If you think opera is dead, go to Battersea and you'll see just how wrong you are. Over the next two weeks, Battersea Arts Centre's annual festival of new opera, "The Works", will be subverting, reinventing, democratising and celebrating this 400 year-old art form through 13 different shows on such subjects as the male suicide epidemic, the oppression of the Zapatista, the agony of bereavement, caring for the terminally ill, and religious intolerance. Oh, and cross-dressing – that fine old staple of grand opera.
The first story heard at this year's festival (which opened last Tuesday) was that of Kylie, the chick-with-a-dick, who wanted to "share her guilty secret" in Kombat Opera's Jerry Springer the Opera; first showcased at BAC in May as How to Write an Opera about Jerry Springer, and now in its second and equally foul-mouthed semi-staged incarnation. Is it opera? Not quite, but it is operatic. Jerry Springer – now subtitled "Share your guilty secret" – has lost a little of its childlike charm over the last few months and gained some teenage pimples, but it's still a remarkably entertaining work. Forget your furs, your picnic baskets and your corporate hospitality. Trash your tiaras. Leave the limo behind. This is opera in the raw.
In its current expanded form Jerry Springer is a much harder work to pull off: the Howellsian invocations are more developed, and there are longer stretches of gospel-style chorus interjections. Composer Richard Thomas has been replaced by the urbane Rick Bland as Jerry, and there are three commercial breaks of madrigalian one-liners on trainers, cosmetic surgery, life-insurance, anti-depressants and God (in several denominations). There are also further trios and duets, much more in the way of back-story recitative, a surprise ending, and the calming presence of Steve the bouncer (Andrew Brooke). And then there are the songs: Kylie's ecstatic aria of self-esteem, "I'm a Man" (sung with sassy vivacity by countertenor Andrew Emerson), and aspiring lap-dancer Chantel's "I Just Wanna Dance" – one of those absurdly naked torch songs that you long to hear Streisand or Minelli tackle and pray that Patinkin won't get wind of. Thomas may flounder in the longer sections of recitative but he can write some outrageously beautiful melodies, albeit pitched rather LeGrand-ishly high for his singers.
Chantel (beautifully played and sung by soprano Adey Grummet) and Kylie are not the only "losers" to have their moments of dignity. Both cheaters and cheatees are treated remarkably kindly and democratically throughout the show – rather more so than the guests on the TV show – and so JSTO in its current form (complete with two Valkyries personifying Jerry's conscience) has become rather unbalanced. If Thomas has a failing, it's that he's too forgiving of his characters and too indulgent with their confessional music – which makes co-librettist Stuart Lee's moralistic grand guignol ending feel very tacked on. Diaper man (tenor Wills Morgan), though ridiculous, is allowed to get away with his destructive coprophiliac clowning, regardless of its impact on Zandra (mezzo Lucy Stevens). Only Chantel's nemeses, the embittered Irene (Stevens again) – whose mother-daughter duet with Chantel is astonishingly unpleasant and accurate – and the terrible Chucky (baritone Sam Newman), convey real menace. Perhaps this was a conscious decision on the part of Thomas to strengthen the impact of Irene and Chucky's confessions, but the deficit of darkness is a curious one in a show about a show about the underbelly of "the land of the free". It'll be interesting to see what happens next.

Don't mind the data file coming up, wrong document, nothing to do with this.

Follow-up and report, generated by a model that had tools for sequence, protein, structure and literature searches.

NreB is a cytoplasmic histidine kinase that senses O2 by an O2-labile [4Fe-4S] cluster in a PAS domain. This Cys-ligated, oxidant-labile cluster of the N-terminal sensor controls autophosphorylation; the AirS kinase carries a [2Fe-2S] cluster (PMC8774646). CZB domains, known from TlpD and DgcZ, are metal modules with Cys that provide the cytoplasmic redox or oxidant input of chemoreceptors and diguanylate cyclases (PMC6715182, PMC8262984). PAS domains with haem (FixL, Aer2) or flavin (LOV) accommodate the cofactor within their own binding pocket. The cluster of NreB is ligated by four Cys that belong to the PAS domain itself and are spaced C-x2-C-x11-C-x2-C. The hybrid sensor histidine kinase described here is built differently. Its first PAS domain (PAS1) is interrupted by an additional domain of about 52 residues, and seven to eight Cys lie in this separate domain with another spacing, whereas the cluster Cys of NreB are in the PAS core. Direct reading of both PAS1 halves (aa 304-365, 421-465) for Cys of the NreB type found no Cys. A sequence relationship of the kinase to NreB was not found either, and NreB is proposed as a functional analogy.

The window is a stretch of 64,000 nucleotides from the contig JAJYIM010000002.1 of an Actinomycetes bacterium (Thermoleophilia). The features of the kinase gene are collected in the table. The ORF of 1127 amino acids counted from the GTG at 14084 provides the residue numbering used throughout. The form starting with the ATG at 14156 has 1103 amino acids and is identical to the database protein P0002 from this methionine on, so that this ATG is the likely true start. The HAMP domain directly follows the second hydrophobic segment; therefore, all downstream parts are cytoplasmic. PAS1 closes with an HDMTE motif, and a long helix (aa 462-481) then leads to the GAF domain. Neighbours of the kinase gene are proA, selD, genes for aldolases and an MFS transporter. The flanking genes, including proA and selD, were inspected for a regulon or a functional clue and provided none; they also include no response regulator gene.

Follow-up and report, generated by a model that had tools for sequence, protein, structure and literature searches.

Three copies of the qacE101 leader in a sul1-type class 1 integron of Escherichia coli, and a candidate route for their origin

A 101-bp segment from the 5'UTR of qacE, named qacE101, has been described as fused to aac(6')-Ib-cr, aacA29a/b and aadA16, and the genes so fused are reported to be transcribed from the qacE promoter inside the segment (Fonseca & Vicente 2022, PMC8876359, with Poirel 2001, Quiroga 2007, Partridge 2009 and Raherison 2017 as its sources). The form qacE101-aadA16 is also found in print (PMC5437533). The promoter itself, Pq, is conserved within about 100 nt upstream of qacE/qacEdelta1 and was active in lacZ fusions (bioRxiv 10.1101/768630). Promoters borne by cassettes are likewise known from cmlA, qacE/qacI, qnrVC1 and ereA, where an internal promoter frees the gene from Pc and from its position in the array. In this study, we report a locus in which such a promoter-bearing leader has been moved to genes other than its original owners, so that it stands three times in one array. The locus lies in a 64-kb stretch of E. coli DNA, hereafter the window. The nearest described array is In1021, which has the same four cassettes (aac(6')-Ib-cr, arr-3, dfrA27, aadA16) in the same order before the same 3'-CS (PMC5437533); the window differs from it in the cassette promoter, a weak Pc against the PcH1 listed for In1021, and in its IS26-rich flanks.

Composer and singer Andrew Gant's excellent 1999 a cappella treatment of May We Borrow Your Husband? is as bleak as Jerry Springer the Opera is blowzy. For a "sad little comedy", Graham Greene's story of deception and sexual frustration is surprisingly painful. Against the backdrop of a smart hotel on the French Riviera, the rigidity of 1960s Home Counties values casts a vice around the two young protagonists: an inexperienced honeymooning couple who fall prey to the bored lust of a couple of middle-aged interior decorators and attract the attention of an aging, misanthropic writer (part protagonist, part narrator). Gant's music displays a clear sense of British musical tradition, leaning sharply towards Britten and Tippett at times and veering away to something more audacious at others. Though he seems slightly addicted to (in my view) rather mannered angularity in his vocal lines, he has a naturalistic touch with conversational writing: the "mm?"s and "oh?"s of the (on stage) listeners serve as harmony and counterpoint, providing a surprisingly rich and varied supporting texture. Another clever idea is his use of coffee spoons, drumming fingers and tapping feet to provide percussion – in this case a subversive quasi-tango for the conversation between the wife (Anne Sheridan Jinks) and the writer (played by Gant himself). Of the five cast members, Gant is, ironically, too easily overwhelmed by his own invention. Sheridan Jinks, a warm and sympathetic soprano, is the epitimal "nice girl". Tenor Andrew Hewitt is also perfectly cast as her latent homosexual husband. But star turn is the fabulous Lawrence Zazzo (the younger decorator) – a searing counter-tenor with a brooding, muscular presence. Watch out, David Daniels.
'Jerry Springer the Opera': BAC, London SW11 (020 7223 2223) to 2 September; 'May We Borrow Your Husband' to WednesdayReuse content